Waiakalua: Stream of the crater
Wai-a-a-lua is one of the ten ahupua’a of the Ko’olau district. The ahupua’a was divided into two areas: Waiakalua-iki and Waiakalua-nui. Sometimes these are referred to as separate ahupua’a, but like Ka‘aka’aniu, these areas would have been extremely small and hardly able to pay the tribute/taxation demanded from an ahupua’a during the Makahiki season.
The streams of Wai-a-ka-lua are all fed from springs. There were taro fields in the valleys. The house lots were scattered among dry-land fields and on the ridge between the two streams. [Handy] [Fornander] [Nai]
A boy was born in Waiakalua circa 1790. He was trained to be a warrior and became an expert at spear-dodging, slinging stones, bone-breaking and other martial arts. He became part of Kaumuali’iʻs guard and was tattooed from his hip to his foot on one leg. Kaumuali’i was the king of Kaua’i and this tattooing of his immediate guard was a reminder that his fatherʻs brother Kahekili, king of Maui and Oahu, was similarly tattooed. This young man must have been very tall, as one of the requirements for his position was to be seven feet in height.
In 1824, after Kaumuai’i died, a battle was waged between Humehume, Kaumuali’iʻs oldest son, and the forces of Kamehameha II. The Kaua’i warriors attacked Fort Hipo at Waimea and were repulsed. They retreated to the plains of Hanapepe and Wahiawa, armed with the ancient wooden weapons. The Kamehameha forces were armed with modern weapons and defeated the Kaua’i forces easily. The war was named ‘Ai-pua’a, Eating pork.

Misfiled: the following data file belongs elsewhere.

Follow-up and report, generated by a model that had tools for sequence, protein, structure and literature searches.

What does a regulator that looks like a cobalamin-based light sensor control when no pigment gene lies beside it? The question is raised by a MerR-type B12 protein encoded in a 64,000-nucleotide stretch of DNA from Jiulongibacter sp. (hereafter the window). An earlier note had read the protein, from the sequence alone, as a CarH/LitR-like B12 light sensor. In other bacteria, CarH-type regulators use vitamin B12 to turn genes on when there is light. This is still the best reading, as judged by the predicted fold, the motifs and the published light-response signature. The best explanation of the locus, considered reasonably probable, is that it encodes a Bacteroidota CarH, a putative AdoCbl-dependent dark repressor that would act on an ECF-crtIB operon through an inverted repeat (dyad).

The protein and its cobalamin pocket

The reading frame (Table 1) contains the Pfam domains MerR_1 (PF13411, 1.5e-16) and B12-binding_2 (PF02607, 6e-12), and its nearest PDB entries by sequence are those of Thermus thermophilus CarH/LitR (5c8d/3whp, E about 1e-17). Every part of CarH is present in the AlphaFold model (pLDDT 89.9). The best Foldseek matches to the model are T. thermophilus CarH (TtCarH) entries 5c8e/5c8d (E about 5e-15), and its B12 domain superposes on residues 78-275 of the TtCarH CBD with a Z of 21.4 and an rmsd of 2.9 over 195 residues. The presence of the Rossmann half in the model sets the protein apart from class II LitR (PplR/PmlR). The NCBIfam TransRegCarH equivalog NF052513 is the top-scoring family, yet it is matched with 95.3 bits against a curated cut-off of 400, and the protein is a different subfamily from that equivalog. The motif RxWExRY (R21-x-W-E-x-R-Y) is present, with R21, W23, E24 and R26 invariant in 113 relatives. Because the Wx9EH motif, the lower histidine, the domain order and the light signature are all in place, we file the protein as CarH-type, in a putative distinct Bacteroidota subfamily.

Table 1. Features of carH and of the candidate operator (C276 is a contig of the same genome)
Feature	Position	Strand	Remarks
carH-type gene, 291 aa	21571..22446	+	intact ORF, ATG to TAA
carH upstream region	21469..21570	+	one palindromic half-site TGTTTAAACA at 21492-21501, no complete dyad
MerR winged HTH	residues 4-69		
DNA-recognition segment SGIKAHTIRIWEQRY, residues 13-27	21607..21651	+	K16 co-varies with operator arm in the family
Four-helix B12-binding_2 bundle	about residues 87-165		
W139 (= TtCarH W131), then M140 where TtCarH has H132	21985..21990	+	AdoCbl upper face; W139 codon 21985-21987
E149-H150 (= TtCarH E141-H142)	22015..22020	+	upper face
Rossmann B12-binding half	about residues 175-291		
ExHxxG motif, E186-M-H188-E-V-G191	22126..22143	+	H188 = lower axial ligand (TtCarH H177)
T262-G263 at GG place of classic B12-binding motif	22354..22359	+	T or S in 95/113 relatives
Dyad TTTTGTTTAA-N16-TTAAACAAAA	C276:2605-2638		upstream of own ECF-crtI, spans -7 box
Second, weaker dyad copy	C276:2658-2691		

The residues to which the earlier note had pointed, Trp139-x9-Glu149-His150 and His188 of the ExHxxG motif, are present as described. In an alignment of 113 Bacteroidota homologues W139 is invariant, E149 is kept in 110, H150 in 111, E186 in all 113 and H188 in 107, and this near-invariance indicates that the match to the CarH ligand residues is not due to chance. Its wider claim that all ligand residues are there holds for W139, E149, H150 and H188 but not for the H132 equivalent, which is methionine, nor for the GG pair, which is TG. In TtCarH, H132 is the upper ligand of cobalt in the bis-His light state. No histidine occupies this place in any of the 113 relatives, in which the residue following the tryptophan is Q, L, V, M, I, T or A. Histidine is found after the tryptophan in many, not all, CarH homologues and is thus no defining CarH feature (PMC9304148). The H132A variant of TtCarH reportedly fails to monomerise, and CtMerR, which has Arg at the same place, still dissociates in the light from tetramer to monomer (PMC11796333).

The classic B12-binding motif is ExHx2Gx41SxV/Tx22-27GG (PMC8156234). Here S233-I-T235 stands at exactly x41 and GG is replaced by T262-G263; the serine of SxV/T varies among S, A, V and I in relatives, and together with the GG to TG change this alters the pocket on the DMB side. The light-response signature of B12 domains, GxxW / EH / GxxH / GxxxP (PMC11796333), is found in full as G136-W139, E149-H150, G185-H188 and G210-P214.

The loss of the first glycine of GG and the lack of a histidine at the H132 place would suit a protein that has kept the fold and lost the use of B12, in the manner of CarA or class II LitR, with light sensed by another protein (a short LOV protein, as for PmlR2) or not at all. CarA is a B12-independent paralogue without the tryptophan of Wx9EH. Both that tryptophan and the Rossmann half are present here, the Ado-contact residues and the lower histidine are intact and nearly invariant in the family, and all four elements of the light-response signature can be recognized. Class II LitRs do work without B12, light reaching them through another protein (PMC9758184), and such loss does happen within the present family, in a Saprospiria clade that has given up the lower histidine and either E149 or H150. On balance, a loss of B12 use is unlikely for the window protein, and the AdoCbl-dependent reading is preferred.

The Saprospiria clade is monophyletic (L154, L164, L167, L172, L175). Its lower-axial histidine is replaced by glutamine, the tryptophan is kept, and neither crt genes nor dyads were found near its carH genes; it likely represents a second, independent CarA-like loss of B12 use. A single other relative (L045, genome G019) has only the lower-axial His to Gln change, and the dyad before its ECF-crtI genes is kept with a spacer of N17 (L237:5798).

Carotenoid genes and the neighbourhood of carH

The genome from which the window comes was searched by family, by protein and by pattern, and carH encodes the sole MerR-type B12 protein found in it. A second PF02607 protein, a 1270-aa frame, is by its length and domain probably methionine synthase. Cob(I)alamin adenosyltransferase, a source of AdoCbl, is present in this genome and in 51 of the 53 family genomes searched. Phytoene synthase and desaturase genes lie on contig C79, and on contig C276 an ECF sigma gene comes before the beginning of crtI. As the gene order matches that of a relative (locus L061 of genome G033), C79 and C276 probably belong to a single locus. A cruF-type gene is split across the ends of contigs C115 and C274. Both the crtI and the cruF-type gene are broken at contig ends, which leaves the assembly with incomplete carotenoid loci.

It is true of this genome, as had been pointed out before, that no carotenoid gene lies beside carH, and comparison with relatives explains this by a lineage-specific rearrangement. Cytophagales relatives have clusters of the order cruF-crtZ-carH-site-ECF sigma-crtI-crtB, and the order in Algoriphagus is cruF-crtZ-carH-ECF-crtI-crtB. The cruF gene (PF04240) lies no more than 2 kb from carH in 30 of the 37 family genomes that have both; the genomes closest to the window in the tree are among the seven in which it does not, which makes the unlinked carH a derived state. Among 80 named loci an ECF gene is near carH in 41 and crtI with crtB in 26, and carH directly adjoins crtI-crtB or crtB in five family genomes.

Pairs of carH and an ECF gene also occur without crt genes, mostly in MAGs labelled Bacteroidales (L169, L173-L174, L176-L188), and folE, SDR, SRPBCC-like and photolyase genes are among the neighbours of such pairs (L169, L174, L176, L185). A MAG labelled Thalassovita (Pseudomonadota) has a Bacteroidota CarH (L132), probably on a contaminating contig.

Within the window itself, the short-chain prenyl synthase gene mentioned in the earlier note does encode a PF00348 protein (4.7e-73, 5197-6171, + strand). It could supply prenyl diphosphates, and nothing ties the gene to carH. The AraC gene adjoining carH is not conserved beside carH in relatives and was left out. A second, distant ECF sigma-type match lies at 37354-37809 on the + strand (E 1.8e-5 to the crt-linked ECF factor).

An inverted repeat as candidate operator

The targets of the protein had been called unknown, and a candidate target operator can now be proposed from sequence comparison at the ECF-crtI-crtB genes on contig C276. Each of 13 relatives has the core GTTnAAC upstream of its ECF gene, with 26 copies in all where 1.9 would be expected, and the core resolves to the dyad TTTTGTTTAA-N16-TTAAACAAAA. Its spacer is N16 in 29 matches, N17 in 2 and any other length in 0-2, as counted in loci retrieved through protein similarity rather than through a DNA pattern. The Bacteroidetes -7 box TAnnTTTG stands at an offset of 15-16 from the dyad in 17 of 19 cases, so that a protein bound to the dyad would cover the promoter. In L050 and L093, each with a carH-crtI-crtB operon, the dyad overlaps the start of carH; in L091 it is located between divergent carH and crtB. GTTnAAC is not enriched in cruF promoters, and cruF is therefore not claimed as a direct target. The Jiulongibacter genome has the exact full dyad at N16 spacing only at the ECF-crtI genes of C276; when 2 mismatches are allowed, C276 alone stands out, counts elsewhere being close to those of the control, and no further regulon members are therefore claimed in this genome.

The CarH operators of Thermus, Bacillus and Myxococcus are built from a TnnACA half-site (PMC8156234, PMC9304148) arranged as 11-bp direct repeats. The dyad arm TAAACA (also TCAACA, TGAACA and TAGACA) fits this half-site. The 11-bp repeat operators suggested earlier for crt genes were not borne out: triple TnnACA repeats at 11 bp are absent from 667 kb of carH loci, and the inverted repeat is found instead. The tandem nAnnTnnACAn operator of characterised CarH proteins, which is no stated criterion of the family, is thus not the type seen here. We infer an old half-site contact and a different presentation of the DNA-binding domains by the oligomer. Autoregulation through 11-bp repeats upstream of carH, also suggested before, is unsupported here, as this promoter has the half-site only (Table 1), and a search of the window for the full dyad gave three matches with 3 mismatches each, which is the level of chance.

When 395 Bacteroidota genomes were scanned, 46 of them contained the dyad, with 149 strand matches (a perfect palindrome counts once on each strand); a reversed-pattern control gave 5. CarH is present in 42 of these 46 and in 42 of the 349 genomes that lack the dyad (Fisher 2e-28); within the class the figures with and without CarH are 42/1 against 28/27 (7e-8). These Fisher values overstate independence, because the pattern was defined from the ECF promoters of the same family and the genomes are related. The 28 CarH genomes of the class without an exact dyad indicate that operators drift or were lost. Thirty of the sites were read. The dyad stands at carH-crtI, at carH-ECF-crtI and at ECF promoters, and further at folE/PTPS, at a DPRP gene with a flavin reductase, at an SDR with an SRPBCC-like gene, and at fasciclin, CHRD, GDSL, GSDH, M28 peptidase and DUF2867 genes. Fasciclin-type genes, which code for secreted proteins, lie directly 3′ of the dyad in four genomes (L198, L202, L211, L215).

For two weeks after this battle, the Kamehameha forces hunted the defeated in order to destroy them, man woman, and child, once and for all. All men with“black legs” were to be killed on sight. When they reached Wai-a-ka-lua, they found the young man hiding in a womanʻs sacred house. He was led out and placed before a firing squad. The young warrior refused to have his hands bound and stood facing the enemy soldiers. As the command “Fire!” was given, the young man ducked, ran forward at top speed, grabbed two of the rifles from the soldiers and, pushing past them, escaped.
From then on, this young warrior was given the name Nā-pū-elua, The two rifles. After an amnesty was declared, Nāpūelua returned to Wai-a-ka-lua where he lived peacefully and in 1848 lay claim to some land which he received two years later. He is the last known “black leg”, the last of the honor guard that protected the person of Kaua’iʻs last king.